A love for music came early in my life. The earliest memories are of a tiny record player, my momma gave me. I was maybe 4 or 5? The base of the record player was white and the top which folded down like a briefcase was light blue with a large, colorful air balloon painted right in the center. Attached to the side of the record player was my favorite piece, a black cord and at the end of it, a microphone.
My favorite song at the time was, “La de la Mochila Azul” translated: “The One with the Blue Backpack,” by Pedrito Fernandez. I played it over and over again until it was ingrained to my memory. The song is about a boy who couldn’t concentrate on anything but one thing, the little girl with the blue backpack. My grandpa would quietly stand in the doorway of the little room I shared with my momma and say, “Andale, canta me una cancion” in English it means “Come on, sing me a song.”
Many people say that God speaks to them through music. I certainly agree. As a worshipper, I have learned God does speak through music and music allows me to speak to God.
The first worship song I sang in front of an audience was in the fall of 1990, “El Shaddai” by Amy Grant. I didn’t think twice about singing a worship song in a public school. I loved the song and felt it suited my range well. The evening of the talent show, I handed my cassette tape over to my choir director and stepped out on the concrete stage of the amphitheater. After the talent show, a couple of friends said they couldn’t believe I had the courage to sing “that song.” At the time, I didn’t know what they meant. Looking back today, I know, on that warm night under the Texas stars, God sealed me for a purpose.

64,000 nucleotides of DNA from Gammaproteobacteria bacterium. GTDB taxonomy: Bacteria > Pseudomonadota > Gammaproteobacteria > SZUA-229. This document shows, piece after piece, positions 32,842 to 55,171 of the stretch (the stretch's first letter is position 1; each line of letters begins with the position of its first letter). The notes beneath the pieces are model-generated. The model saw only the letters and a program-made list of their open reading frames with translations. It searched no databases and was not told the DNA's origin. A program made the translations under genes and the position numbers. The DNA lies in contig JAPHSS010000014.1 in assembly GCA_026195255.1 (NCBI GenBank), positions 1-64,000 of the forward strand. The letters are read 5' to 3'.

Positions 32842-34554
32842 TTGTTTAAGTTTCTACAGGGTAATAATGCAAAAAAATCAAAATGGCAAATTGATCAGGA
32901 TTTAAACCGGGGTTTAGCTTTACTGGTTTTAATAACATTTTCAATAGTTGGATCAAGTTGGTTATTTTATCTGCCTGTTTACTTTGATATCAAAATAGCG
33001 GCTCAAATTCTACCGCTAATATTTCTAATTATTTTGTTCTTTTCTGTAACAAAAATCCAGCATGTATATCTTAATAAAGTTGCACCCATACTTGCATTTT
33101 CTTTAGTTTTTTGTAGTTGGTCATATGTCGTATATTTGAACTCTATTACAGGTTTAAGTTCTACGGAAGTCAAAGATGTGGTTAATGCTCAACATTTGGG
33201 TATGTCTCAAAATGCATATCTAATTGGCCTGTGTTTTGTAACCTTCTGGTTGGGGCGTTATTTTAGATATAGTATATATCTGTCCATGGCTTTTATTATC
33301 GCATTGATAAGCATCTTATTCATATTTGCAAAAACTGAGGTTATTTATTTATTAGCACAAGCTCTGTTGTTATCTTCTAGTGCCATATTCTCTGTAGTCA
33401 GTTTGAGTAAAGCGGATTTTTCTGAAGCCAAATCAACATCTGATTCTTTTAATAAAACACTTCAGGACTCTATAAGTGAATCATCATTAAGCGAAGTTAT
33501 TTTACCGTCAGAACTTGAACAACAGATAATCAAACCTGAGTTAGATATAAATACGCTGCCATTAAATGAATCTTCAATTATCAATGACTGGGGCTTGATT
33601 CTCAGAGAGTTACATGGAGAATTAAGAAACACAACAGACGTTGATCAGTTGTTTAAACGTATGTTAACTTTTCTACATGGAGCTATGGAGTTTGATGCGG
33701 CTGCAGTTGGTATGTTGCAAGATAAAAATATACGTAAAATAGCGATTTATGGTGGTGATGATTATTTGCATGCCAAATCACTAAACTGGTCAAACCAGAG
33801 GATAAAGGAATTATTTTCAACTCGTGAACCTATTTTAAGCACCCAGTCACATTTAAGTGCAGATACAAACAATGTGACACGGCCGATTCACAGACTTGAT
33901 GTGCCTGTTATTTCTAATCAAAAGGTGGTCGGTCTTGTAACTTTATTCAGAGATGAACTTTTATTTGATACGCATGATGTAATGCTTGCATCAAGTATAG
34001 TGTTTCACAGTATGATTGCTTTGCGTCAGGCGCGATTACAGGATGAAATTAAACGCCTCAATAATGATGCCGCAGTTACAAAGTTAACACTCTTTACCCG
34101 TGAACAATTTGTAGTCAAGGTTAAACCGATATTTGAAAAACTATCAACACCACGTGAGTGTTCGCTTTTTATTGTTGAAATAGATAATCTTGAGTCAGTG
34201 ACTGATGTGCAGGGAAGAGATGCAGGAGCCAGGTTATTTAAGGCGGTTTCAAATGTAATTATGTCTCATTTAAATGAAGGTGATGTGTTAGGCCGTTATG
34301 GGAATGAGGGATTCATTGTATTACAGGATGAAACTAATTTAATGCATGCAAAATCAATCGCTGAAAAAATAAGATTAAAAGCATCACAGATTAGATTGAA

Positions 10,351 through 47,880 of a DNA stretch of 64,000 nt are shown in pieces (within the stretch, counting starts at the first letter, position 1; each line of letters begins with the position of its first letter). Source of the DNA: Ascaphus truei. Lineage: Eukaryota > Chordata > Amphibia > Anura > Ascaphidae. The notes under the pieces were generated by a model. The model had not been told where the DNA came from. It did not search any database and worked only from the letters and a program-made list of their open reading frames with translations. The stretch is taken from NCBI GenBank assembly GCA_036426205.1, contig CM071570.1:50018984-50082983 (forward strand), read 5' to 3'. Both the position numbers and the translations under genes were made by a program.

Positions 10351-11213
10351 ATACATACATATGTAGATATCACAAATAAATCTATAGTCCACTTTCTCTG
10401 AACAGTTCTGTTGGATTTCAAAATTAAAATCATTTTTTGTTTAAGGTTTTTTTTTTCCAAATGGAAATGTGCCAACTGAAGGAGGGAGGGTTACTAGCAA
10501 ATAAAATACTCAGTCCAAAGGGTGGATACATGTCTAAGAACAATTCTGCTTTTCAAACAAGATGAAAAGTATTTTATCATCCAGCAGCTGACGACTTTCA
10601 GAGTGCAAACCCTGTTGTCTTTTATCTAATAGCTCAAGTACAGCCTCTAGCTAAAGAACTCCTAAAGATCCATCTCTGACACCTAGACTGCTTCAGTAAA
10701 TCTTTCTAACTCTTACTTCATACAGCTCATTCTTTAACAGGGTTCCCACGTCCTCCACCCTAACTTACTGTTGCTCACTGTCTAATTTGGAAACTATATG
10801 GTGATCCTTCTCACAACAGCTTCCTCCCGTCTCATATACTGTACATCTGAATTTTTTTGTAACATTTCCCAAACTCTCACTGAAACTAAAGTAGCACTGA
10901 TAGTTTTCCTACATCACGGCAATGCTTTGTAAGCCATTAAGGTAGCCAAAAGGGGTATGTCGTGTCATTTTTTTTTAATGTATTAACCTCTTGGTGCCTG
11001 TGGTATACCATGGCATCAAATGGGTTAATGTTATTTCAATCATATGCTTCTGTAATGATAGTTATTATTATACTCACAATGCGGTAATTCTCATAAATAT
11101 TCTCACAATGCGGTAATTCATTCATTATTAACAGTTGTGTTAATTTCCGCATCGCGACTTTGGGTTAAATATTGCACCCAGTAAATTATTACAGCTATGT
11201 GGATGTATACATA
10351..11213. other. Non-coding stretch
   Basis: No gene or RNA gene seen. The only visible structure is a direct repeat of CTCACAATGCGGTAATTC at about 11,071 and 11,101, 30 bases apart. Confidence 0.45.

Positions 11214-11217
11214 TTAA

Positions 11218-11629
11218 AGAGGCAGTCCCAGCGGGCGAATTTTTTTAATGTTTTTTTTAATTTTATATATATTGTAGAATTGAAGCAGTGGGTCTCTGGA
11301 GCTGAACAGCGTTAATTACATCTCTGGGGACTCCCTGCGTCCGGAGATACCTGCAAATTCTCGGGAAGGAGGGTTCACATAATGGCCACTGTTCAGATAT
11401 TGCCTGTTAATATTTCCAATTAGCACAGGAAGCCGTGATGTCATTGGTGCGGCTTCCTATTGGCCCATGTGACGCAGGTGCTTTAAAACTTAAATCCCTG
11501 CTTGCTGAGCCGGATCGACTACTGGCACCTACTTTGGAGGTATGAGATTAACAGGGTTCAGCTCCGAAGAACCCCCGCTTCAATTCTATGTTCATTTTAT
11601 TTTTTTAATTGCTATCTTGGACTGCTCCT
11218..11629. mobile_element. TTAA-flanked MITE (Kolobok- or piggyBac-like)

“When I look at the night sky and see the work of your fingers – the moon and the stars you set in place – what are mere mortals that you should think about them? (Psalm 8:3, New Living Translation)
The Google definition of worship is, “the feeling or expression of reverence and adoration.” God created each of us individually and with our uniqueness comes the ability to worship Him with our own abilities. Exodus 35-36 talks about two men named Bezalel and Oholiab. God gifted them with special talents in craftsmanship. God gave them these gifts for a special purpose; in this case it was for the building of the Tabernacle.
“So the people of Israel – every man and woman who was eager to help in the work the Lord had given them through Moses – brought their gifts and gave them freely to the Lord.” (Exodus 35-36)
Reading through Exodus 35-36, the Lord revealed that acts of worship come in all styles. Singing, dancing, quilting, painting, jewelry making, building, planning, knitting, crocheting, cooking, baking, journaling, cleaning, playing sports, carrying heavy items, organizing, writing, anointing, praying, counting, playing an instrument, remembering, software development, gardening, animal husbandry, giving, the list goes on and on and looks different for everyone because God wants us to use our natural talents to worship Him.
When focusing on your personal worship style, considering practicing the following characteristics:
- Submission: The action of yielding. Practicing the discipline of Submission will allow us to see the Holy Spirit at work.
“I lavish unfailing love for a thousand generations on those who love me and obey my commands.” (Exodus 20:6)
- Reverence: Deep respect. Having an attitude of “awe” in our offering brings an emotional and intimate connection to God.
“Oh that they would always have hearts like this, that they might fear me and obey all my commands! If they did they and their descendants would prosper forever!” (Deuteronomy 5:29)
- Service: The action of helping. God loves a peaceful and joyful giver.
“And don’t forget to do good and to share with those in need. These are the sacrifices that please God.” (Hebrews 13:16)
My grandpa no longer stands quietly listening at the doorway urging me to sing him a song. I still hear those words though, “Andale, canta me una cancion” but now, they come from the Holy Spirit.
Lord, we love You. Let everything we do, bring you honor. Amen.